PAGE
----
TVA solar energy limits don't keep up with demand

TVA solar energy limits don't keep up with demand

Posted:
The Tennessee Valley Authority passed a $10.5 billion annual operating budget Thursday which includes a $25 million investment to buy solar energy. The Tennessee Valley Authority passed a $10.5 billion annual operating budget Thursday which includes a $25 million investment to buy solar energy.

By MIKE KRAFCIK
6 News Reporter

KNOXVILLE (WATE) - The Tennessee Valley Authority passed a $10.5 billion annual operating budget Thursday which includes a $25 million investment to buy solar energy.

A number of people working and representing the solar industry are concerned the utility isn't doing enough to help region's solar industry. 

Several dozen solar business owners and industry representatives told TVA board members Thursday the utility isn't meeting the growing demand from small businesses wanting to install solar power. 

Nationwide, solar energy is a $77 billion dollar industry and growing, but it may be growing too fast.

"TVA kind of moves slowly. We're just asking TVA to move quickly on this issue," said Gill Hough, president of the Tennessee Solar Energy Industries Association. 

Mary Shaffer-Gill is the owner of Aries Energy in Knoxville. Her company installs solar arrays for projects, including an array for the elephant preserve at the Knoxville Zoo.

Lately, Gill has been selling solar power outside the TVA power grid, if she's selling any at all.

"We are using our electrical skills, our labor to do other work, to do electrical work, to do lighting, to do other energy efficiency improvements just to make payroll," Gill said

Industry members point to the Green Power program launched by TVA on August 1. The program made 2.5 megawatts of solar space available to local power companies.

All 2.5 megawatts were absorbed by three solar providers in the state in only 60 seconds.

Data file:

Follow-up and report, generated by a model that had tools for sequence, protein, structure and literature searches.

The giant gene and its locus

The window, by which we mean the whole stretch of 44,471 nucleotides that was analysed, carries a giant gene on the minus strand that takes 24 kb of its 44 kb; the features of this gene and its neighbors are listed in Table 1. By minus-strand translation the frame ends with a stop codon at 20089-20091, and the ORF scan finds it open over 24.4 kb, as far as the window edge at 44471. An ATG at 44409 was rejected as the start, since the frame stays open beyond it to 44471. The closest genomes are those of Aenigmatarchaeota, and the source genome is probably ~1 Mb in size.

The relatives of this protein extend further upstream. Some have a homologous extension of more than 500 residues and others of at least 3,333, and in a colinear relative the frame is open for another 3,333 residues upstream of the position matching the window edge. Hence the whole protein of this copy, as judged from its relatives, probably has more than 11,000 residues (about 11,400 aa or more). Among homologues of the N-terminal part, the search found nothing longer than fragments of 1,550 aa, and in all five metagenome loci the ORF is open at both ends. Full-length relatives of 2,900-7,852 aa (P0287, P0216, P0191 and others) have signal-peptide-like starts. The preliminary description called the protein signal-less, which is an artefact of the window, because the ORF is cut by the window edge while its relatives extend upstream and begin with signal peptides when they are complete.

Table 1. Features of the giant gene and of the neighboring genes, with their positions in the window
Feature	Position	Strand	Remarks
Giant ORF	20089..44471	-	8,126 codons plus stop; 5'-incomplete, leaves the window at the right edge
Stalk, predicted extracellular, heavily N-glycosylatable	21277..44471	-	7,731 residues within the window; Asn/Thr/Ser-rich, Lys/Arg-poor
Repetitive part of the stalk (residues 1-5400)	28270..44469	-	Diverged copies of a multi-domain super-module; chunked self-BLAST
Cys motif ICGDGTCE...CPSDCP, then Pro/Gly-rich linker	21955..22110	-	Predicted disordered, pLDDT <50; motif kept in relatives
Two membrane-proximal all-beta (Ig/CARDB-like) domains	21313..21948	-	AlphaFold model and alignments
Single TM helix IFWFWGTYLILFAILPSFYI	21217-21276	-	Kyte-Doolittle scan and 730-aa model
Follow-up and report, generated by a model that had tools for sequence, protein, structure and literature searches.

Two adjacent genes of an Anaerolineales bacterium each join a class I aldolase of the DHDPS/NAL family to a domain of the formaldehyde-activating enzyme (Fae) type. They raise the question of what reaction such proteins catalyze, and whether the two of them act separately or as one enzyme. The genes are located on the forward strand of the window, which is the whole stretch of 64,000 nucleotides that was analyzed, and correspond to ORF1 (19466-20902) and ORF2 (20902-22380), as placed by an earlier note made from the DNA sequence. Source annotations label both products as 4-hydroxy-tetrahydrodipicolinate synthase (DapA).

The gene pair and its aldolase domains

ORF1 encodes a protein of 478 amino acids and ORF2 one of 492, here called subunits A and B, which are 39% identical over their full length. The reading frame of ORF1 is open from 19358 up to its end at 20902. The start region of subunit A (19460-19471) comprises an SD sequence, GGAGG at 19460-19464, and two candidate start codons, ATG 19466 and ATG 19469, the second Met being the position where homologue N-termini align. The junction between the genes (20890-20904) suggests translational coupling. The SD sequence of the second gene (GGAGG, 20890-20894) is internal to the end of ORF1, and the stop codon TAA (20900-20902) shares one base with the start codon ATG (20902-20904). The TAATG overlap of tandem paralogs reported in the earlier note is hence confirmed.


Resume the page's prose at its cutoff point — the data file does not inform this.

Currently, small businesses owners say they are unable to connect to the power grid to supply solar power.

"If a homeowner, or business wants to put solar on their facility, they say well we can't, you're not allowed to connect, you're not allowed to put the electrical equipment on your roof," said Gill Hough.

TVA president and CEO Bill Johnson even admitted the program had its problems.

"I understand the difficulty in terms of the program for the solar folks. I think we need to fix that," said Johnson.

The utility points out smaller scale operations are more expensive to supply with solar power.

TVA has several ongoing construction projects which are set to double the amount of solar power produced in the state.

Cost remains an issue, as solar is nearly three times higher than TVA's standard power rate.

"The key is low cost, so we want to continue to encourage solar to come in. We think it's important, but it's got to come in at competitive prices," said Joe Hoagland, TVA senior vice president of Policy and Oversight.

To do that, TVA says solar power has to become more available on any larger scale.

TVA is working to develop two of the largest projects in the Tennessee Valley with two 20 megawatt solar farms in West Tennessee. They could provide enough electricity for 4,000 valley homes for a year.

TVA is planning to expand solar availability through a program set to begin next year.

TVA has 124 megawatts of solar capacity in operation or committed for construction as of July 31.

Tennessee is ranked seventh in the nation in total solar capacity, according to a national solar industry association.

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